It. Spazio architettonico; Fr. Espace architectural; Germ. Architektonischer Raum; Span. Espacio arquitectónico. The contemporary notion of architectural space is particularly complex due to its historical evolution. Architectural space means not only dividing an ordered artefactual space (kosmos) from a disordered natural space (chaos), as ancient Greek philosophers conceived it, but also adding to a material spatial dimension an equally important immaterial spatial dimension. Moreover, the contemporary notion of architectural space implies moving from a notion of space that is autonomous from the notion of time to a notion of space that necessarily means experiencing a given space in a given time (Einstein 2006. See especially the philosophical reading of Einstein’s theory offered by Cassirer 1923: 385, 442: “the empirical object means nothing but a totality of relations according to law. […] In this sense, we must conceive the pure space-time manifold as the logical prius; not as if it existed and were given in some sense outside of and before the empirical and physical, but because it constitutes a principle and a fundamental condition of all knowledge of empirical and physical relations”. See also Husserl 1997 for a phenomenological approach). What finally results from Einstein’s revolutionary work is that space and time are integrated also when it comes to understanding them in terms of aesthetic experience, which becomes a more and more complex notion, as Dewey argues (Dewey 2005: 36-37: “we have an experience when the material experienced runs its course to fulfilment. Then and then only is it integrated within and demarcated in the general stream of experience from other experiences. […] Such an experience is a whole and carries with it its own individualizing quality and self-sufficiency. It is an experience”). Moreover, the notion of space has gradually moved from an ancient idea of discontinuity to a modern and contemporary idea of continuity, provided by the tools of geometry and mathematics, from scientific perspective to Cartesian plane, finally obtaining a greater control on any kind of architectural space, i.e. both empirical and virtual, which is exceedingly important from the designer’s perspective (from a scientific perspective, see especially Panofsky 1991: 66: “The result was a translation of psychophysiological space into mathematical space”; on Cartesian plane, see especially Cassirer 1923). The ultimate result of the historical evolution of the notion of architectural space is that, now, we cannot define architecture as the art of space par excellence, as Lessing paradigmatically used to do in the eighteenth century, also limiting architecture’s power of representation (Lessing 1968). Now, we should rather refer to architectural space as an exceedingly complex notion integrating materiality, on the one hand, and void, immateriality (according to its various meanings specified in the following paragraphs) and moreover time, on the other hand.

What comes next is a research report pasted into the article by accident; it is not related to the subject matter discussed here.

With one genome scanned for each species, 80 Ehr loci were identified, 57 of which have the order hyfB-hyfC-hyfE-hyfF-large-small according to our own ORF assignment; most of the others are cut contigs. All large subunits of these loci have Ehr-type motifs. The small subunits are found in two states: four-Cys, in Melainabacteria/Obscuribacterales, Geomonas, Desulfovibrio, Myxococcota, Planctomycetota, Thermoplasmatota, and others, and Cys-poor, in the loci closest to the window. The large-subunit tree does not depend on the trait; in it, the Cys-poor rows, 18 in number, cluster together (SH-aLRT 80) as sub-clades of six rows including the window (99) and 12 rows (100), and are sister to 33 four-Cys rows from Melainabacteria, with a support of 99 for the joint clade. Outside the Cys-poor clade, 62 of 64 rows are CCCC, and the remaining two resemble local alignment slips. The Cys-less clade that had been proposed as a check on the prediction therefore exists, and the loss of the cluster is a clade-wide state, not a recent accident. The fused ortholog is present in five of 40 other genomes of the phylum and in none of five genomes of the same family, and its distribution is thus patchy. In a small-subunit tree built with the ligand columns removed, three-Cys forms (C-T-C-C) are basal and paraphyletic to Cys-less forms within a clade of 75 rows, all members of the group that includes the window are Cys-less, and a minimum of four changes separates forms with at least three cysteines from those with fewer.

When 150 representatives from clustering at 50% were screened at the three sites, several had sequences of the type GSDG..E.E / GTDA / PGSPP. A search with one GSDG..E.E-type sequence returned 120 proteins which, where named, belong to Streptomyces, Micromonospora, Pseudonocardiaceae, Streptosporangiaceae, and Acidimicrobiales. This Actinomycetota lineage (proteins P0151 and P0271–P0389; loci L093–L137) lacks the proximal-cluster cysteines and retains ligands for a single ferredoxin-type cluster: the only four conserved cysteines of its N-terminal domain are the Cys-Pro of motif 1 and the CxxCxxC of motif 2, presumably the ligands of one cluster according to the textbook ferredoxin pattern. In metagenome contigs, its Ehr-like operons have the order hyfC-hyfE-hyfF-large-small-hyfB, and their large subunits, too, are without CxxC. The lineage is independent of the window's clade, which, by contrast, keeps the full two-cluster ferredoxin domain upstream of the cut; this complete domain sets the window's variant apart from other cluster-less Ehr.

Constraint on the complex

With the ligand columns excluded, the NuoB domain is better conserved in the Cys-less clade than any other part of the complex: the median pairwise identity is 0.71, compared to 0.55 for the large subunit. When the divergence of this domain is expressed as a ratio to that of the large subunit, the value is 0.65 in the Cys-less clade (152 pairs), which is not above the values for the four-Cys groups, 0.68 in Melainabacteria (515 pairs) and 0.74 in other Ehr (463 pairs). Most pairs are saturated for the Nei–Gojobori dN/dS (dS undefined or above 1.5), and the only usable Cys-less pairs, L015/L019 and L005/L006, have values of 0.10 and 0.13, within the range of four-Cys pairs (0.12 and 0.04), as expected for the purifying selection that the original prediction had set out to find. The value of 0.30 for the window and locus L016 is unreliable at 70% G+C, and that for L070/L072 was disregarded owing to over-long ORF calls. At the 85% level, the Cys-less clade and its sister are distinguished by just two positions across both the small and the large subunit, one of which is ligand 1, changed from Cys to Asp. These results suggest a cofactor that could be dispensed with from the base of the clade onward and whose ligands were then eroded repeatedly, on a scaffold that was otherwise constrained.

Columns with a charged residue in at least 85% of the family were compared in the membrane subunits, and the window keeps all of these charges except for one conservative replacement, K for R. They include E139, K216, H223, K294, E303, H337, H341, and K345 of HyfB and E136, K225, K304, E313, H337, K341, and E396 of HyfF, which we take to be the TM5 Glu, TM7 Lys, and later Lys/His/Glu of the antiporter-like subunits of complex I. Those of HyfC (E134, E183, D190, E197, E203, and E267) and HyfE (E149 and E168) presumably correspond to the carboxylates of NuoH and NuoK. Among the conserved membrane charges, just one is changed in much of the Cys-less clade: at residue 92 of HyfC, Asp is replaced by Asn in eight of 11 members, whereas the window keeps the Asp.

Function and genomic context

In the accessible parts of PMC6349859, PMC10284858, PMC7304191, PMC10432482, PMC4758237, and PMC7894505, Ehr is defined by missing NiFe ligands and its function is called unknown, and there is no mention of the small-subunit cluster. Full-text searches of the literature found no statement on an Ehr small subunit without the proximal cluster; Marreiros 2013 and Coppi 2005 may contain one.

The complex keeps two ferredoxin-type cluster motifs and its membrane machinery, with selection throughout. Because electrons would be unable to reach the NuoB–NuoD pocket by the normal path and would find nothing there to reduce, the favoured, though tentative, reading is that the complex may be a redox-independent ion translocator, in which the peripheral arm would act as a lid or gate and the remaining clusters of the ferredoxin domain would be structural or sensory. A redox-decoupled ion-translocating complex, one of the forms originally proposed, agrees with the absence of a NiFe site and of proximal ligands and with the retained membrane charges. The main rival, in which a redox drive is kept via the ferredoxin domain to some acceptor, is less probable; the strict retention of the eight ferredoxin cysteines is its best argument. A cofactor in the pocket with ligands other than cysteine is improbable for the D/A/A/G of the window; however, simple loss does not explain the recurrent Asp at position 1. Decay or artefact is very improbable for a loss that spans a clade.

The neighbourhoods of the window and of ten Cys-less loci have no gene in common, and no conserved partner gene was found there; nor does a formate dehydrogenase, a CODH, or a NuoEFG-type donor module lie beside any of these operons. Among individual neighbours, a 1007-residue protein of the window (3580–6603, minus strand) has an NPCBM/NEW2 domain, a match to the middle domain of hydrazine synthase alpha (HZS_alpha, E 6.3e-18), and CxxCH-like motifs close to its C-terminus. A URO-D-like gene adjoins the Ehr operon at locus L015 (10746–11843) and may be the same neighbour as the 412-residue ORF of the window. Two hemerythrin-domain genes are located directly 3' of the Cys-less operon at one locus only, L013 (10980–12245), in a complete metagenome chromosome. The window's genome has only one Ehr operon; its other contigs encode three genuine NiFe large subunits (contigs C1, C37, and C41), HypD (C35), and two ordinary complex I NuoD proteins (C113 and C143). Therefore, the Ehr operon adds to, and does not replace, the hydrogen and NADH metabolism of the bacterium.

Even though this approach especially characterises the contemporary debate on architectural space, it is not extraneous to the reflections of the last two centuries: from Schopenhauer, according to whom architectural space, in spite of its prevailing materiality, can disclose the nature of light (Schopenhauer 2018), to Riegl, who highlights that the historical evolution of the notion of architectural space leads to the acknowledgment of its infinite possibilities (Riegl 1984), to the analyses offered by Wölfflin (2015), Worringer (1953) and Schmarsow, whose the focus on both the bodily experience and the psychological experience of architectural space undoubtedly increases its complexity by making it irreducible to its materiality (see Vischer et al. 1994). Finally, Heidegger’s reflection on architectural space further opens to an exceedingly complex notion of it: dwelling, which is not founded by building, being rather its condition of possibility, is conceived as a constitutive ontological quality of the human identity, ultimately meaning taking care of architectural space itself (Heidegger 1975).
If we take into account the last decades, then we realise that, paradoxically enough, spatiality becomes more and more questionable when it comes to defining architectural space, which needs to be thought of in terms of a variety of categories.